One of the heroes of the Republican Party is Barry Goldwater, U.S. Senator from Arizona and 1964 Republican nominee for president. During his quest for the presidency, at a time when the Republican Party was fighting an internal battle between the rising more conservative Westerns and Southerns versus the East Coast and Pacific Northwest moderates, Goldwater famously proclaimed, “Extremism in the defense of liberty is no vice, and moderation in the pursuit of justice is no virtue.” As a young Republican these words rang true to me and others toiling away on Republican campaigns during the Reagan and Bush eras.
Today, however, I view these famous words as more of a cautionary tale. Certainly, America and Americans value liberty and justice as bedrocks of our 200-plus year experiment in self-governance. But the use of the term “extremism” brings near chills to my spine when I put it in the context of today’s polarized environment.
The gift of 330 million persons living in a representative democracy is that we are all allowed and encouraged to have and use our own voice. But to quote the wise sage of the Spider-Man franchise, with great power comes great responsibility. In today’s always-on, ever present social media and 24-hour politicized news cycle, we have created a dynamic where we as individuals are never wrong – our views are justified in our pursuit of what we view as liberty or justice – and reflected back to us by our own media-driven echo chamber.
Growing Extremism is Making it Harder to Govern
Making us feel as if we are never wrong, and the “other side” as always wrong is certainly good business – it keeps us tuned in to our favorite cable or Internet media source. But the growing number of Americans who are “extremists” on any number of issues is making America harder to govern.
The proliferation of misinformation and the election of candidates catering to the extremes and deploying disinformation into the public square without repercussions are creating a level of dysfunctional government we have not seen in our recent history. This challenge to our political system comes at a time when the world is changing at a clip never before seen and facing existential and complex challenges that can only be addressed with a strong public and private sector working together.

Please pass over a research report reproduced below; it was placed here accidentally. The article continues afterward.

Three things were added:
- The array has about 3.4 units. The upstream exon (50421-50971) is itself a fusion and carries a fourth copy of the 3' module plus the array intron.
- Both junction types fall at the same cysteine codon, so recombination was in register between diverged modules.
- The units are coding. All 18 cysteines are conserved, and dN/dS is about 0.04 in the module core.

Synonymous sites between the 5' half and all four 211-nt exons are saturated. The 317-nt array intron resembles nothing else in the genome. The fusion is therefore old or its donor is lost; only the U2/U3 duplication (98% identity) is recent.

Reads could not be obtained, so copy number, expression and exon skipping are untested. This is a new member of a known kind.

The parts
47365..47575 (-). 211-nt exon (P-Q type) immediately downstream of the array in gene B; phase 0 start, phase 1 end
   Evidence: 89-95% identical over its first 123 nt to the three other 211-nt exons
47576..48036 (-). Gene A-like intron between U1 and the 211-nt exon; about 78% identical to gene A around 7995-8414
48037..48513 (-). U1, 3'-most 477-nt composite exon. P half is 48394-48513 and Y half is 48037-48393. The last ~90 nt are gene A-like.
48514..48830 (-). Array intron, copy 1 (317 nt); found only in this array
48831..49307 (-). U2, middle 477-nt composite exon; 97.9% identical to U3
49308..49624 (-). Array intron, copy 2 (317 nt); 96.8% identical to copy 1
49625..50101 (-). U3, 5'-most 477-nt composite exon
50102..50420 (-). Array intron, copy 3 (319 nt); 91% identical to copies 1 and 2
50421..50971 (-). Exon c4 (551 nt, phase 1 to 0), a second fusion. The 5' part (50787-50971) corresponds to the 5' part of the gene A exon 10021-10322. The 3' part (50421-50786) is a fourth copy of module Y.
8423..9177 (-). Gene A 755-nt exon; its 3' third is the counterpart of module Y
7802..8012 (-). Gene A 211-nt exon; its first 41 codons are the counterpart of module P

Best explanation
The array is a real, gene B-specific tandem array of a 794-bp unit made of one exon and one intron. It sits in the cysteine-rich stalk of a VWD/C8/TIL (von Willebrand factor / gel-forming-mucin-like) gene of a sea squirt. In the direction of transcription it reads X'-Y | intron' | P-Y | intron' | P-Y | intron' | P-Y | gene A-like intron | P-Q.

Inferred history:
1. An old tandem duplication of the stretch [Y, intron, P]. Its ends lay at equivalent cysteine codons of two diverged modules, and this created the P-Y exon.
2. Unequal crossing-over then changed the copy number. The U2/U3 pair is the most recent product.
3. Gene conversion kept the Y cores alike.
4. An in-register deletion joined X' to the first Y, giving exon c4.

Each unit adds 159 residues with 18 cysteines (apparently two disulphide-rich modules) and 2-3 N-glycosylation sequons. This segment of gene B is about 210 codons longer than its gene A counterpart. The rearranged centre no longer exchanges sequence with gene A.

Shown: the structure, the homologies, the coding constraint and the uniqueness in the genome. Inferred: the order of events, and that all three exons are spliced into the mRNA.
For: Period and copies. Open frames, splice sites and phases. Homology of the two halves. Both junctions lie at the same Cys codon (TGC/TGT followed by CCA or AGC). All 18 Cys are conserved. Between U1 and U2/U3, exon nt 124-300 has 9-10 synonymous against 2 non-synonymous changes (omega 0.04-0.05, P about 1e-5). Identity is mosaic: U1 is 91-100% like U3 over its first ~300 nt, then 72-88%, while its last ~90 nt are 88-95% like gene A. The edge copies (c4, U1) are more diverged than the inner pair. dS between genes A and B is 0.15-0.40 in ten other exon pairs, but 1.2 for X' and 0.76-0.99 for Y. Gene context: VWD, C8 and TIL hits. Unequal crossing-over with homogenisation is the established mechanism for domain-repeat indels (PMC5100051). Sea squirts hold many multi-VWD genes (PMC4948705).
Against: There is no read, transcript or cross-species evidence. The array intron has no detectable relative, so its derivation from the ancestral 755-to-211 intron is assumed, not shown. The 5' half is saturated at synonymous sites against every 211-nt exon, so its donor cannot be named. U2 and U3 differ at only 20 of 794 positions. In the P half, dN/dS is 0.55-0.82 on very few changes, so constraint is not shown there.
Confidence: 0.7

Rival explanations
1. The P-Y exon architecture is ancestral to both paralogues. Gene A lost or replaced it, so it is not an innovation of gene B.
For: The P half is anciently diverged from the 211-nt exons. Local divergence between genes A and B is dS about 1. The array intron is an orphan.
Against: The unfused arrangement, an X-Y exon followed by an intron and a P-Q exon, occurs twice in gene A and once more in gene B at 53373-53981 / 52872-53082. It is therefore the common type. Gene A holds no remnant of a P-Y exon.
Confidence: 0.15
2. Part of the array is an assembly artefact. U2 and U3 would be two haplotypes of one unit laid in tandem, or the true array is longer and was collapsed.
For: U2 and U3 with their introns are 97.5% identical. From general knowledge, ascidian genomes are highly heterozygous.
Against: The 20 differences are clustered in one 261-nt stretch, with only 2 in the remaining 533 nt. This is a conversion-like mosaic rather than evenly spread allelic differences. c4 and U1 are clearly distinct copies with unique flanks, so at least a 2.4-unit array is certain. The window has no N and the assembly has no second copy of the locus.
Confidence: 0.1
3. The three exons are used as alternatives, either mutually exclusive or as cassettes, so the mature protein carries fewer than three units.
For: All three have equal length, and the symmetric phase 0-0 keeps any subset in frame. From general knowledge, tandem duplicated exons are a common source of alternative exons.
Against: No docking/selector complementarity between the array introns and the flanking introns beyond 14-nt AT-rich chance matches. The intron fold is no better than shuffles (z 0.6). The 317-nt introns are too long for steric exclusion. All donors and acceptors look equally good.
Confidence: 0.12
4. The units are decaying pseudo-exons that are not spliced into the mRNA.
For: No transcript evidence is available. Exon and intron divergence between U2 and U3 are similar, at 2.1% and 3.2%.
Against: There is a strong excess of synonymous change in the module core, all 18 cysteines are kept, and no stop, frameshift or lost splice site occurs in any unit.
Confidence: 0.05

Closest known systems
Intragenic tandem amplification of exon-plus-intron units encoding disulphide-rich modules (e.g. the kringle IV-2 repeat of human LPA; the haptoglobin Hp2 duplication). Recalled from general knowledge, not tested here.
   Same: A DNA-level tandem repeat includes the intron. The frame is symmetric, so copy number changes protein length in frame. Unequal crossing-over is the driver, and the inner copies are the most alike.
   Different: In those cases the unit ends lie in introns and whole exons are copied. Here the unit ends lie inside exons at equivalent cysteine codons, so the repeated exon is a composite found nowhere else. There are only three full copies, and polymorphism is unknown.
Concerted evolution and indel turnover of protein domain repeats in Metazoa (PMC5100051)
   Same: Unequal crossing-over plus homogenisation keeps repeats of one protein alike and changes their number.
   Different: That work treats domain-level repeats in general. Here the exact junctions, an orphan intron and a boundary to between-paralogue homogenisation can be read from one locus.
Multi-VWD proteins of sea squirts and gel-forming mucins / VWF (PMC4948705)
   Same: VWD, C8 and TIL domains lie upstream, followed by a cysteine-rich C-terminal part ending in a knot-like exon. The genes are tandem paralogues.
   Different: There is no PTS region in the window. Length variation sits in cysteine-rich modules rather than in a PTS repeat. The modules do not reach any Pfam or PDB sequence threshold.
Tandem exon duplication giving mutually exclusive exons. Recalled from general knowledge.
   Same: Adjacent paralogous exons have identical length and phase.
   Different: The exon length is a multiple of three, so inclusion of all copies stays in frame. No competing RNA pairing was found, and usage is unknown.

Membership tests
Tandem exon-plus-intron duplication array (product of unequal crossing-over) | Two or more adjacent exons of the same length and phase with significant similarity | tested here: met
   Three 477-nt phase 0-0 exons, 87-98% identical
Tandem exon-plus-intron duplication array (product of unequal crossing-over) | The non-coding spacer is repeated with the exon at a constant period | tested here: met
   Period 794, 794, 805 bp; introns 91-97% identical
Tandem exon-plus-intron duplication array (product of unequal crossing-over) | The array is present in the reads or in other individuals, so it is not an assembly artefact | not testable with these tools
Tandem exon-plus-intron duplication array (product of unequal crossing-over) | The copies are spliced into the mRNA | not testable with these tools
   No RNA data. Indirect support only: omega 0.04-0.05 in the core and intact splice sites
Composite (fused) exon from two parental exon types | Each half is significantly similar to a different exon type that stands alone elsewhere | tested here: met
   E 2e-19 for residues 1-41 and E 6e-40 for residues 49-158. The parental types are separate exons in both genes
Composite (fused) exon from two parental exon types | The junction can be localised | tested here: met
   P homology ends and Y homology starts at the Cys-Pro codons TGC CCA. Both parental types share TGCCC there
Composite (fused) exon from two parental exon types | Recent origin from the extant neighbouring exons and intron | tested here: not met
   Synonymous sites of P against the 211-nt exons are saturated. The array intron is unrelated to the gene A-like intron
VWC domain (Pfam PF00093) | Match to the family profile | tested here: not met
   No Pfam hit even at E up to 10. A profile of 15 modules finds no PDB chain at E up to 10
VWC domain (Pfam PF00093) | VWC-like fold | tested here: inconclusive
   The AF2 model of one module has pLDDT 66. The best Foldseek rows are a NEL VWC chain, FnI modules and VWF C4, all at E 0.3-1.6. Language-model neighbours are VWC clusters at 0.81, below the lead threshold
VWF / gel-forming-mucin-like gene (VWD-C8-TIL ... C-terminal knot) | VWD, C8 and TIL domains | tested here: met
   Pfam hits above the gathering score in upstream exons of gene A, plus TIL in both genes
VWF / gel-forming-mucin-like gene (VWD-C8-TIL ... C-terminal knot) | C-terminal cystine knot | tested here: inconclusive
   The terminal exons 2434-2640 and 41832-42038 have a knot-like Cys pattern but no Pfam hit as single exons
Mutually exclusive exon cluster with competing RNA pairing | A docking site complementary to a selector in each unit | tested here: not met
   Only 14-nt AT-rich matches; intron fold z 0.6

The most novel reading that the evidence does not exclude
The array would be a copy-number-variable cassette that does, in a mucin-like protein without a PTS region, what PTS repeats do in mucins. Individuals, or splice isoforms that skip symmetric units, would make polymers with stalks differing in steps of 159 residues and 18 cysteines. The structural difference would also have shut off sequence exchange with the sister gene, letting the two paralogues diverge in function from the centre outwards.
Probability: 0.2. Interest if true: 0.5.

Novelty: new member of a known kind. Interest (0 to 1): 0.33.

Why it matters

Polarization Undercuts Investing in Key Drivers of American Prosperity
Economically, the U.S. coasted on the investments made by our grandparents’ generation – robust infrastructure (roads, airports, higher education) without making the investments to keep these backbone elements of American society best-in-class. Today, not only do we have to play catch-up on these investments (which certainly is not cheap), we do so when we are increasingly polarized (with our international adversaries effectively contributing to our polarization with subversive campaigns), making competing in the 21st century increasingly challenging.
‘Can’t-Be-Wrongs’ Can’t Compromise
Extremism in pursuit of liberty or justice may not be a vice. But if by being “extreme” in our views – regardless of how noble they are (or we think they are) – we eliminate the possibility of the other side being right we then eliminate the possibility for the compromise necessary for progress. Democracy works only when compromise is in the air – it’s the only way Americans can address the challenges of the future. Being “extreme,” regardless how pure the motives or valiant the cause, stands as a growing barrier to America’s competitiveness in the 21st century.